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Election Day is less than two weeks away, and Massachusetts voters are set to choose winners in a number of high-profile races, most notably the gubernatorial contest between Maura Healey and Geoff Diehl. Also on the table are multiple important propositions, including one that would allow undocumented immigrants to get driver’s licenses and another that would impose an additional 4% tax on income over $1 million.
One race flying under the radar, however, is the contest for the office of The Secretary of the Commonwealth. Longtime incumbent William F. Galvin, a Democrat, is facing off against relative newcomer Rayla Campbell, a Republican.
The Secretary of the Commonwealth’s job description is broad: it encompasses the maintenance of public records, storage of historical data, preservation of historical sites, registration of corporations, and the filing and distribution of regulations and public documents. On top of that, and perhaps most importantly, the Secretary of the Commonwealth also oversees the administration of elections in Massachusetts.
How do Galvin and Campbell stack up to one another? Where does the race stand now? Read on for a breakdown of each candidate.
Galvin has held the office of Secretary of the Commonwealth since 1995, and served as a state representative before that. If Galvin secures an eighth term in the position, he will surpass the record for longest-serving secretary of state in Massachusetts currently held by Frederic Cook. Cook served for 28 years, from 1921 to 1949, and was the last Republican to hold the office.
Galvin, who turned 72 in September, is touting his long tenure and the experience that comes with it as a positive. When he announced his intention to run for reelection back in January, Galvin said that the expertise and management skills he’s acquired in the role helped secure record voter turnout in recent years.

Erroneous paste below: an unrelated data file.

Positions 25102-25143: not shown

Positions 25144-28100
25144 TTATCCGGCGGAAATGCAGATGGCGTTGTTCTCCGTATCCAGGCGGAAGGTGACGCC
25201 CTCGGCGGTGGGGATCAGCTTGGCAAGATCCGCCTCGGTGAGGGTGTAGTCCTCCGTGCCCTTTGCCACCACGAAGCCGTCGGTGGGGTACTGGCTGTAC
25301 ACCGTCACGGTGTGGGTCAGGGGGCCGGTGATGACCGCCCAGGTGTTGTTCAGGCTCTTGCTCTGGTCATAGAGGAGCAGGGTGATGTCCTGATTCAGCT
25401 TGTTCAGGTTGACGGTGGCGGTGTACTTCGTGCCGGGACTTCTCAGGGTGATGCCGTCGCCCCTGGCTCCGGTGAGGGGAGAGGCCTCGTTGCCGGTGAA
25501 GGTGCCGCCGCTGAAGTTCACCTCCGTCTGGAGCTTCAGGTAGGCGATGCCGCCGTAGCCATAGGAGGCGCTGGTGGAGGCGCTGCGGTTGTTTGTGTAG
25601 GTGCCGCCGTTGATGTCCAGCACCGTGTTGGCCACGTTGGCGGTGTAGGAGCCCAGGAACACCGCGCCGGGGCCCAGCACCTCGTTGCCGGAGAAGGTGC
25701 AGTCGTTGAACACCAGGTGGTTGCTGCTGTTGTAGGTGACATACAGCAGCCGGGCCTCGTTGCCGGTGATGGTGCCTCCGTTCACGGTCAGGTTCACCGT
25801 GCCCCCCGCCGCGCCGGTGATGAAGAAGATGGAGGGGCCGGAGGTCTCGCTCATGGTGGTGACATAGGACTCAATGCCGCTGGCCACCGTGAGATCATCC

During the pandemic, Galvin enthusiastically supported early voting, mail-in voting, and same-day voter registration. In the Democratic primary race earlier this year, Galvin’s opponent Tanisha Sullivan attacked him over the issue of same-day voter registration. This has been a possibility in Maine for 50 years, she said, and questioned Galvin on why it was still not an option for Massachusetts residents.
Advocates for same-day registration argue that it would be an effective tool in increasing voter turnout, particularly concerning young voters and minority voters. Some opponents, which include Democrats, contend that the new form of registration would put an extra burden on already-overworked municipal election workers. Local officials are now under even more stress as they work to fulfill growing numbers of records requests from people who believe the unsubstantiated claim that the 2020 Presidential election was “stolen.”
In January, lawmakers voted to direct Galvin to conduct a comprehensive study of what it would take for same-day registration to be implemented across the state. Sullivan said that Galvin did not push hard enough for the measure on Beacon Hill.
Galvin was given a tough contest by Sullivan, a corporate lawyer and the president of NAACP Boston. She attempted to paint Galvin as anti-abortion, but he pushed back firmly in an interview with WGBH.
“Her assertions are based on voting histories going back to the ’80s,” Galvin told the station. “I’ve made very clear during the debates we’ve had that I support — fully — the right of women to make decisions for themselves. … Her characterization, I reject completely.”
Interestingly, Sullivan won the state Democratic party’s official endorsement over Galvin at the party’s nominating convention in June. In a notable speech, Sullivan railed against Galvin for being out of touch with the times, and for causing Massachusetts to fall back from a national leadership role when it comes to voting access.
Sullivan gained support from 62% of the delegates at the convection. But in the end, Democratic voters chose Galvin’s experience. He beat Sullivan by a whopping 70.3% to 29.7%. When Galvin ran against then-Boston City Councilor Josh Zakim in the Democratic primary in 2018, Zakim also bested Galvin at the convention, but lost to him handily on election day.